75. Ritva Shabbat 18b (quoted in Tal Orot pg 39) writes that even after the food was cooked it’s still forbidden on a rabbinic level to stir the hot food. S”A 318:18 rules one can’t remove a spoon from a food that’s not fully cooked but if it’s fully cooked it’s permitted, which seemingly means that one can remove a spoon from a fully cooked food but not to actually mix it. Similarly, Bet Yosef 321 quotes Sh”t Rambam 68 (and the halacha is also found in Shabbat 21:13) who permits mixing a hot food that was fully cooked and removed from the fire. Bet Yosef adds that even though it’s forbidden even off the fire as long as it’s hot here it’s permitted because it’s totally cooked. Rav Ovadyah (Yalkut Yosef Shabbat vol 3 pg 187; Kol Sinai Tevet 5723) implies from these sources that actually mixing a totally cooked food while on the fire is forbidden as Mechzei KeMevashel (appears like cooking). Or Letzion 2 pg 238 writes that the Kol Bo (quoted by Bet Yosef 253) who forbids stirring a fully cooked pot on the fire is a Deoritta prohibition, while Mishna Brurah 318 argues that clearly stirring a fully cooked food is only forbidden on a rabbinic level (as is explicit in the Ritva). However, Ramach (quoted by Kesef Mishna 9:4), Mamer Mordechai 318:20, and Chazon Ish 37:15 permit actual mixing even though the pot is on the fire because the food is completely cooked.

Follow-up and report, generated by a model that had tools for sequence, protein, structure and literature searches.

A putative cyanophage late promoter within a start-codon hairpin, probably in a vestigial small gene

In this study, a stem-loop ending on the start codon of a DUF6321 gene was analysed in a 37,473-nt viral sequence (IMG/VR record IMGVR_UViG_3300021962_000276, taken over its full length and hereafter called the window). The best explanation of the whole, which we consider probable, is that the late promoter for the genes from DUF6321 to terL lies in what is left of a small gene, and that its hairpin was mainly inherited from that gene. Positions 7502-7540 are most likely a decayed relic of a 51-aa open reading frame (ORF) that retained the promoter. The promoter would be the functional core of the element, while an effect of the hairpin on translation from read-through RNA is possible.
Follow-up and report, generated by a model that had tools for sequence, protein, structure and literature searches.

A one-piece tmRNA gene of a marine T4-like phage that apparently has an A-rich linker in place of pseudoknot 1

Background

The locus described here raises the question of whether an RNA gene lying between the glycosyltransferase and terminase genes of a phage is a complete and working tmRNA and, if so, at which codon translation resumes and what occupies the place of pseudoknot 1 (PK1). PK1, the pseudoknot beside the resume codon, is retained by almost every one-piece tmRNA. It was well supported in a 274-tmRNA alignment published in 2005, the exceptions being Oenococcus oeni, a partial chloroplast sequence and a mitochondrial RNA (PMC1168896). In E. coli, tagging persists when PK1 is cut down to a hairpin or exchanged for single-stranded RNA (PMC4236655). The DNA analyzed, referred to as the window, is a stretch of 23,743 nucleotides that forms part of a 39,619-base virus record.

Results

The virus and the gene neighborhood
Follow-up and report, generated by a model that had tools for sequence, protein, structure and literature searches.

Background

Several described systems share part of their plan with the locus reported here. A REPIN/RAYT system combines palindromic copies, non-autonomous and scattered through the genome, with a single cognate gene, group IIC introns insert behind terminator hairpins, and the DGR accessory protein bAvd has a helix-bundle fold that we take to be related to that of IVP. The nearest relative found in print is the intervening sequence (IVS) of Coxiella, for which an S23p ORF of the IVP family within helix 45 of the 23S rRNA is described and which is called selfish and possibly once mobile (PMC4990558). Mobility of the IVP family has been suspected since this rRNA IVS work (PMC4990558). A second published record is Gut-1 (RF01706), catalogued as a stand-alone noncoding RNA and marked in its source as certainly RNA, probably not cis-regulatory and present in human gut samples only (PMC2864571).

76. Ran 6b (according to the version of the Bet Yosef 318:18 quoted by the Hagahot HaBach on the Rif) writes that even removing a serving spoon from the pot of hot food is forbidden because in that act one stirs the food. Rambam 3:11 also rules that putting a serving spoon is forbidden because of stirring. However, Magid Mishna 3:11 explains that that Rambam (and Ran who says this explicitly) only forbade a hot food that wasn’t totally cooked but stirring is permitted if it’s totally cooked (Bet Yosef adds that according to those who hold there’s no issue of cooking once it’s cooked to the stage of Machal Ben Derosai Dursai, here too, stirring is permitted at Machal Ben Dursai). [Interestingly, Maggid Mishna 9:4 says in name of Ramban (18b D”H VeHalo Megis) and Rashba (18b s.v. Tzemer LeYurah) that once the hot food was stirred once it’s considered cooked and there’s no issue of cooking with the second stirring.] S”A 318:18 rules that it’s permitted to remove a spoon from a fully cooked food even when it’s on the fire. However, the Rama is strict not to remove a utensil or stir the pot whether it’s on the fire or even off the fire based on Sh”t Mahari Vill 30. The achronim including Eliyah Raba 318:40, Chaye Adam 20:9, Levush 321:9, Pri Megadim M”Z 321:23, Sh”t Zera Emet 1:40, Tehila LeDavid 252:1, Mishna Brurah 318:117, 39 Melachos (vol 2 pg 561-2), and Shemirat Shabbat KeHilchata 1:32 agree that Ashkenazim should be strict like the Rama while the food is still on the fire both not to stir and not to remove a utensil (and they mention that if there’s one who wants to be stringent one should be stringent in regards to stirring something off the fire). Sh”t Igrot Moshe 4:74 is strict like the Rama regarding food that’s on the fire and explains that that one may not stir food on the fire because one might assume that the food is totally cooked and it may turn out that it isn’t, which would be a violation of a Torah prohibition. Shemirat Shabbat KeHilchata 1:32 adds that if there’s going to be no way to remove food from the pot and return it to the fire (because of absence of a suitable cover of the fire) one may be lenient and remove food (not stir) as long as the food is surely fully cooked.